This synchronous international survey is part of the long-term monitoring scheme coordinated by the Swan Specialist Group, in order to assess annual productivity in the species. In 2020, the 39th age count was held in the weekend of 12-13 December. Data were received from ten countries and pointed out at 8.3% juveniles: a bit higher than in 2019, but still below the level that would be required to compensate for annual mortality rates. We hope that all countries, coordinators and observers will continue their contribution in this anniversary year for the 40th age count in this long term study to ‘keep a finger on the pulse’ of the Bewick’s Swan population.
December 2020; Bewick’s swans on the isle of Texel, Nths. Photo by Cor Fikkert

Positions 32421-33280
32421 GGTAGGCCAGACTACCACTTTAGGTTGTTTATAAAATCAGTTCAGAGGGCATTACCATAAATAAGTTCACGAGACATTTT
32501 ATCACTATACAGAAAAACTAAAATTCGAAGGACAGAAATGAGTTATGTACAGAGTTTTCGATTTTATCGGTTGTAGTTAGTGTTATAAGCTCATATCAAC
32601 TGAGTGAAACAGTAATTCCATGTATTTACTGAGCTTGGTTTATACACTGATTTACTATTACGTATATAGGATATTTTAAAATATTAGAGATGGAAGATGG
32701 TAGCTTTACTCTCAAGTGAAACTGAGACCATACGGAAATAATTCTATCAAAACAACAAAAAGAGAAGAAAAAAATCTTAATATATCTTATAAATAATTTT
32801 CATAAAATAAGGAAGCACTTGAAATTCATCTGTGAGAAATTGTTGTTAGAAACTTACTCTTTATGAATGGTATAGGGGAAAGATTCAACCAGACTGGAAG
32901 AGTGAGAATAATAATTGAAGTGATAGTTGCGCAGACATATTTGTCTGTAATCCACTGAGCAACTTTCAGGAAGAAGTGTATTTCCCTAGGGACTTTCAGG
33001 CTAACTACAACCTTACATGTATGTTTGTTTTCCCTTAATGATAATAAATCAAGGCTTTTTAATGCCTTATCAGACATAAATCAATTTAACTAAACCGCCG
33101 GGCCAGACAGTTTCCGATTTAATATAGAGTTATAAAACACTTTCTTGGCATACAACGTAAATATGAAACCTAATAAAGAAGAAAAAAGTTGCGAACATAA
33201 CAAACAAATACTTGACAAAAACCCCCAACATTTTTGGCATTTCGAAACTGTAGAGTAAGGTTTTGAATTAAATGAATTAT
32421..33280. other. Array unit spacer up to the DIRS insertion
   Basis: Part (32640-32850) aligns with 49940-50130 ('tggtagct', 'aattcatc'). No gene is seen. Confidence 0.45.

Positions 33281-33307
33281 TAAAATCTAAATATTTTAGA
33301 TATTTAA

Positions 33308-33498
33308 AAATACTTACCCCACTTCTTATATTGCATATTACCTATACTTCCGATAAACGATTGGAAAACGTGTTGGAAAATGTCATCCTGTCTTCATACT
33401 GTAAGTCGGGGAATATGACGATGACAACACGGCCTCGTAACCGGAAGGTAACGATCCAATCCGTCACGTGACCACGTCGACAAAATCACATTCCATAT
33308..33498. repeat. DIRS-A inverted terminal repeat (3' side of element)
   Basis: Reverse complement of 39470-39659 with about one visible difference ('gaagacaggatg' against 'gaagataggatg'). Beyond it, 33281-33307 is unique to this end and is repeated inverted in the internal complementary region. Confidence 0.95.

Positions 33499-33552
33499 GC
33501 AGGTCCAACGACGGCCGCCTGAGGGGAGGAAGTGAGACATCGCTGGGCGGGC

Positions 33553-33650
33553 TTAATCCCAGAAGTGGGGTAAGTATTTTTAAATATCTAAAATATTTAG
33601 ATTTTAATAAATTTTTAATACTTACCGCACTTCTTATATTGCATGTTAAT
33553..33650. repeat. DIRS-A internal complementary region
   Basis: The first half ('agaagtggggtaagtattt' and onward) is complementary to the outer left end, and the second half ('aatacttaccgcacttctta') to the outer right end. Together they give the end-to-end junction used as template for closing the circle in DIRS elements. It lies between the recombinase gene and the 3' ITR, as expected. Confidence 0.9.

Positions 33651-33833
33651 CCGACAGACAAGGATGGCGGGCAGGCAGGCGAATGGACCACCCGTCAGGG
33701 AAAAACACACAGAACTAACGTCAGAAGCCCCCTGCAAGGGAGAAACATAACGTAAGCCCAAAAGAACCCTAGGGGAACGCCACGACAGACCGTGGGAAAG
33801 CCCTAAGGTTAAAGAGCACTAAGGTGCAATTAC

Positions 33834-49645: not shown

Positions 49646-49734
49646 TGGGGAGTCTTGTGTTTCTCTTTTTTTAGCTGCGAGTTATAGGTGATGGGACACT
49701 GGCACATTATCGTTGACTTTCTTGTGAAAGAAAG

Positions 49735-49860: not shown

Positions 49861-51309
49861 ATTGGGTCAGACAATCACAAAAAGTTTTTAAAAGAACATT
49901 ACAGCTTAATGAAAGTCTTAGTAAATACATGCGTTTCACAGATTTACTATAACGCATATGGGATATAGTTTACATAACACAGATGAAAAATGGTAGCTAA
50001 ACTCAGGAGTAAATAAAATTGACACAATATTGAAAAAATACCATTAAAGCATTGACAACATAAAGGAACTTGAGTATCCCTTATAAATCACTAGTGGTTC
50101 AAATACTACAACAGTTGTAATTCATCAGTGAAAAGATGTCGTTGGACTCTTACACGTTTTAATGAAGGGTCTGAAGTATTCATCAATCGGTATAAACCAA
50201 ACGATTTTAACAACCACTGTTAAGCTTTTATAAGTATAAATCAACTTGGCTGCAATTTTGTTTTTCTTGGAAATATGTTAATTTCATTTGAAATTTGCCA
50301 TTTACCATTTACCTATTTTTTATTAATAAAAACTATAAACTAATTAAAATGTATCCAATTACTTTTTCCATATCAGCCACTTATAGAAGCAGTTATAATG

Since the early 1980s, the Swan Specialist Group has monitored the NW-European Bewick’s Swan population carefully, to keep track on the population status and assess its conservation requirements. For this purpose, an international counts of the population size is organised once every five years (last in 2020) and productivity is assessed on an annual basis. This setup is important because historically the population size was small and, following an increase in numbers between the 1970s and mid-1990s, is now in decline and subject to major changes in winter distribution. Indeed, having peaked at just below 30,000 birds in 1995, numbers dropped to 18,100 in 2010. Whether a slight recovery to c. 20,100 birds in 2015 (Beekman et al. 2019) has been maintained hereafter remains to be seen, pending on the final results of the 2020-census. Age counts are an important tool for understanding such fluctuations in population size, along with results of ring-readings which give insight in survival and mortality patterns (and changes in migration strategy).
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